This paper focuses on the cooccurrence of the modal néng and the potential constructions V + de + V. In the first of the paper, different types of double occurrences are singled out, also with reference to the degree of grammatical acceptability by different informants. It will be shown that the contexts in which the ‘néng de-construction’ is fully accepted are mainly interrogatives and rhetorical questions. This modal stacking is considered very natural in epistemic multimodal constructions, as (1).
Tā yì fēnzhōng yīnggāi néng xiě-de-wán yì bǎi ge zì.
3sg one minute should can write-POT-finish one hundred-CL character
‘For him, it should be possible to manage to write one hundred characters in one minute.’
The ‘néng de-construction’ is perceived as mandatory in the relative clauses wherein the nominal head is the object of the potential construction. In these cases, for the head to be interpreted as the object, there must be either the subject or a full-fledged modal, like néng, (or both). For the nominal head to be interpreted as the object of zhào-de-dào, there must be either the subject or a full-fledged modal, like néng (or both). If the subject is omitted, néng is sufficient because it requires an agent and, therefore, contributes to making it clear that the nominal head is the object, not the subject. In other words, the core modal néng is essential for parsing the object relative clause correctly. As underscored by Arosio et al., object relative clauses are typically more challenging to comprehend than subject relative clauses.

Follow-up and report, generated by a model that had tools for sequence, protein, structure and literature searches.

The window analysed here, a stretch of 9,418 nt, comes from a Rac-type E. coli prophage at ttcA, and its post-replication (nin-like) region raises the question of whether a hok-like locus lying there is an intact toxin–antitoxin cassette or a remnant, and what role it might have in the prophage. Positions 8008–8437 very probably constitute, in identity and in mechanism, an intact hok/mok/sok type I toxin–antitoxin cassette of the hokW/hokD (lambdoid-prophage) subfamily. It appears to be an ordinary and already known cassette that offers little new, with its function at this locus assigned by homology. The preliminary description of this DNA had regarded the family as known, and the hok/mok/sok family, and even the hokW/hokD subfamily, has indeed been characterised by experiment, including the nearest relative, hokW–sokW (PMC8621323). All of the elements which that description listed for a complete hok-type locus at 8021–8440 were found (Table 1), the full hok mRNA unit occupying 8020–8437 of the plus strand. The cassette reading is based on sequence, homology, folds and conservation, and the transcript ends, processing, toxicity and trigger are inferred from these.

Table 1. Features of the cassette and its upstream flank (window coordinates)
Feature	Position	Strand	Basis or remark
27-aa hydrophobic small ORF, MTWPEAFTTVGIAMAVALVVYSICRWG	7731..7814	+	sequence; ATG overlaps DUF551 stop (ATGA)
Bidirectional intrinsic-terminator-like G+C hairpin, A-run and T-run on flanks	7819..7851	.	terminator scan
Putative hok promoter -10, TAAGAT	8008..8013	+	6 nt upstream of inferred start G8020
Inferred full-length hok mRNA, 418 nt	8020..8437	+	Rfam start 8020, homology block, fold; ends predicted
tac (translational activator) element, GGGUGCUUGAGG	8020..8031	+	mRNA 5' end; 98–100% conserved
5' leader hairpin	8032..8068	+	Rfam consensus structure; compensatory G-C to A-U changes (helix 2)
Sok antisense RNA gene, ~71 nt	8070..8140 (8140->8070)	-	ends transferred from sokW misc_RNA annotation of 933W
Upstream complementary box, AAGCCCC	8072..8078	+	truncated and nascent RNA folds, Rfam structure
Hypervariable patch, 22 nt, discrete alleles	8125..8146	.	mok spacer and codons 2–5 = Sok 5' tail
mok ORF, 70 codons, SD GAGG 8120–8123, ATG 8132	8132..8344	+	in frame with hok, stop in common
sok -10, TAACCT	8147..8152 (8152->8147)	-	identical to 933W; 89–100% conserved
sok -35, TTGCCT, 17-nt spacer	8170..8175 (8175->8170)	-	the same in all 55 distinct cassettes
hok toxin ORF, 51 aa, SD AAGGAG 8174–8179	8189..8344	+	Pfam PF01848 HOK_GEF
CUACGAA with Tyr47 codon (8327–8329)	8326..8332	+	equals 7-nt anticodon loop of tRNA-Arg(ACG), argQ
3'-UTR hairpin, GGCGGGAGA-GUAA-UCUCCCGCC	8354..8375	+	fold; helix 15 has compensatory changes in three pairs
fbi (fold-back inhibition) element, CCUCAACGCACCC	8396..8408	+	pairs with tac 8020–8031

(2) a. 不过得把它放在一个*(能)找得到的安全地方。 (PKU Corpus)
Búguò dĕi bǎ tā fàng zài yí ge *(néng) zhǎo-de-dào de ānquán dìfāng
But have.to BA 3sg put in one-CL can seek-POT-reach SUB safe place
‘But you have to put it in a safe place that one can manage to find.’
Búguò dĕi bǎ tā fàng zài yí ge *(nĭ) zhǎo-de-dào de ānquán dìfāng
But have.to BA 3sg put in one-CL 2sg seek-POT-reach SUB safe place
‘But you have to put it in a safe place that you can find.’
Finally, it is also highlighted that, in the negative forms, méi néng can occur as a suppletive form of the negative potential. The former expresses actuality entailment, therefore displaying the implicative feature which is common to many acquisitive modals, such as get.
Keywords: acquisitive modality, potential constructions, semantic orientation
Fabrizio Arosio, Flavia Adani, and Maria Teresa Guasti, “Grammatical features in the comprehension of Italian Relative Clauses by children”, in Merging Features: Computation, Interpretation and Acquisition, edited by José M. Brucart, Anna Gavarró, and Jaume Solà (Oxford: Oxford University Press, 2009), 138-155.
Sybesma, Rint. “Zhuang: A Tai language with some Sinitic characteristics. Postverbal 'can' in Zhuang, Cantonese, Vietnamese”. In From Linguistic Areas to Areal Linguistics, edited by Pieter Muysken. Amsterdam/Philadelphia: John Benjamins Publishing Company, 2008. 221-274.